He replied:

I absolutely believe we could. To take an everyday example: suppose someone is attacked next to us in the subway. We didn’t choose this situation, but we need to act. Looking away is also a form of action. We need to decide. This can happen to every one of us. It is something universal. It changes one’s life. As an emergency physician, Rike knows the rule: to first protect your own life. She follows this rule. But of course the question remains whether she made the right decision.

February 23, 2019

Prosecuting Evil; Rocking the Couch

Filed under: Film — louisproyect @ 9:47 pm

On January 29, 2018 I wrote about the Chenogne massacre that was examined by Reveal, a syndicated investigative reporting radio show that can be heard here. Like everything else done by Reveal, it made for compelling radio, especially an interview with Ben Ferencz, the 98-year old buck private who was an investigator of Nazi war crimes and shortly after leaving the army became a lead prosecutor at Nuremberg. The Chenongne massacre was a mass murder of captive German soldiers during the Battle of the Bulge in retaliation for Americans being murdered in the same way a few days earlier. The Reveal reporter was interested in getting Ferencz’s reaction to this war crime in light of his 70-year long career as a legal expert on war crimes. Basically, he regarded the Chenogne massacre as a war crime but one that would never be prosecuted by a state that had just won the war. When asked if Stephen Spielberg and Tom Brokaw were justified in calling WWII GIs “the greatest generation”, he scoffed at the notion and stated emphatically that the greatest generation are those who resist war, like during Vietnam.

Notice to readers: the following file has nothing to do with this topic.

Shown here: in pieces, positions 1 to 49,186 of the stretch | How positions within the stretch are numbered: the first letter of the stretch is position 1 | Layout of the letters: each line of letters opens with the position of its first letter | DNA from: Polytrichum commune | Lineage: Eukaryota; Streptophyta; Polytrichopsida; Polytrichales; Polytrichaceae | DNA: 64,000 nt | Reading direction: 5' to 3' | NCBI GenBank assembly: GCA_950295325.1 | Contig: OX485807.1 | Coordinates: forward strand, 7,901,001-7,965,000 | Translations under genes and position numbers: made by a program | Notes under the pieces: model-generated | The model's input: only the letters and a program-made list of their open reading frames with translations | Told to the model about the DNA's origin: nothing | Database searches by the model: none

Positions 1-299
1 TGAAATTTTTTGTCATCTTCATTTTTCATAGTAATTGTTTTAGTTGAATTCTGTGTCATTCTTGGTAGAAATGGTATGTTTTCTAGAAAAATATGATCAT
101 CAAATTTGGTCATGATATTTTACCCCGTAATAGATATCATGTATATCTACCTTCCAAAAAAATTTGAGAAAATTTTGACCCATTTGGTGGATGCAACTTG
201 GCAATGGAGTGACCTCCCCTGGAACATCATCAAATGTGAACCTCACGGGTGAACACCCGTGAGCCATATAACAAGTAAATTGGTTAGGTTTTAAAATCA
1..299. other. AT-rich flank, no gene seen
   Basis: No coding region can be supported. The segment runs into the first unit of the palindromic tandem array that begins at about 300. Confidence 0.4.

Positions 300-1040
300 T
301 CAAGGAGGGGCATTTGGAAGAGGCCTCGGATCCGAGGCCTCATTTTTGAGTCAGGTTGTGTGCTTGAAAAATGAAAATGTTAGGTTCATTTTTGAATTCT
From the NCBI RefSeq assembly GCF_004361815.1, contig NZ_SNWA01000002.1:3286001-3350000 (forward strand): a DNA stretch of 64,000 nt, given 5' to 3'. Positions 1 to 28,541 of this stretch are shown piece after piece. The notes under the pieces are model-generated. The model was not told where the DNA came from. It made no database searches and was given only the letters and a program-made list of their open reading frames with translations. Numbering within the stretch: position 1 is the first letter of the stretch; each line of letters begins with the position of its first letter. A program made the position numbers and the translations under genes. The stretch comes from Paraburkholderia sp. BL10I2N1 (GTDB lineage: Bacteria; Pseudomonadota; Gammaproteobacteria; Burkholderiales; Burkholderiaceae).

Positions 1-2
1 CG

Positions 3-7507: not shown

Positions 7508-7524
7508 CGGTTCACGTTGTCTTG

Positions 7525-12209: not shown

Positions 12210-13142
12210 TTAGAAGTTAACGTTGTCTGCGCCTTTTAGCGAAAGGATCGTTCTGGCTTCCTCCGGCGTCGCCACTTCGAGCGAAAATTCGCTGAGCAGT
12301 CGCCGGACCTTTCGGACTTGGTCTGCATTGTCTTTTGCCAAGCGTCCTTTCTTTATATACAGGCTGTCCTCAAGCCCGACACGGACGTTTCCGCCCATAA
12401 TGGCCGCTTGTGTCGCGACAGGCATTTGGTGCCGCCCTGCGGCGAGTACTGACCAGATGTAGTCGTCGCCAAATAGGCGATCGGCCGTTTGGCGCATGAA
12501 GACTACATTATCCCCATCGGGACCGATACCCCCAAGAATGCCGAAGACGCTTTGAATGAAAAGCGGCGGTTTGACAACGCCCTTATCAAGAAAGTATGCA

With that fresh in my memory, I was eager to watch a new documentary titled “Prosecuting Evil” that opened yesterday at the Cinema Village in New York and that will open at the Laemmle in Los Angeles on March 1. The film is basically an interview with Ferencz, who is as sharp and incisive as was on in the Reveal show. In addition to the interview, there are tributes to his work from a number of people with human rights credentials—some legitimate and others not at all. Among those with bogus credentials are Alan Dershowitz and Wesley Clark. All of the others are credible even though they share the same flaw as Ferencz, namely the ill-founded belief that global justice is possible as long as the capitalist system exists.

Besides the talking heads, there is chilling footage of the survivors of death camps as well as those who did not survive, including their charred remains in a Nazi crematorium. A 25-year old Ben Ferencz is seen making an opening statement at Nuremburg just barely visible over a lectern. He laughs at what it took to make him even this visible. He had to stand on a stack of books.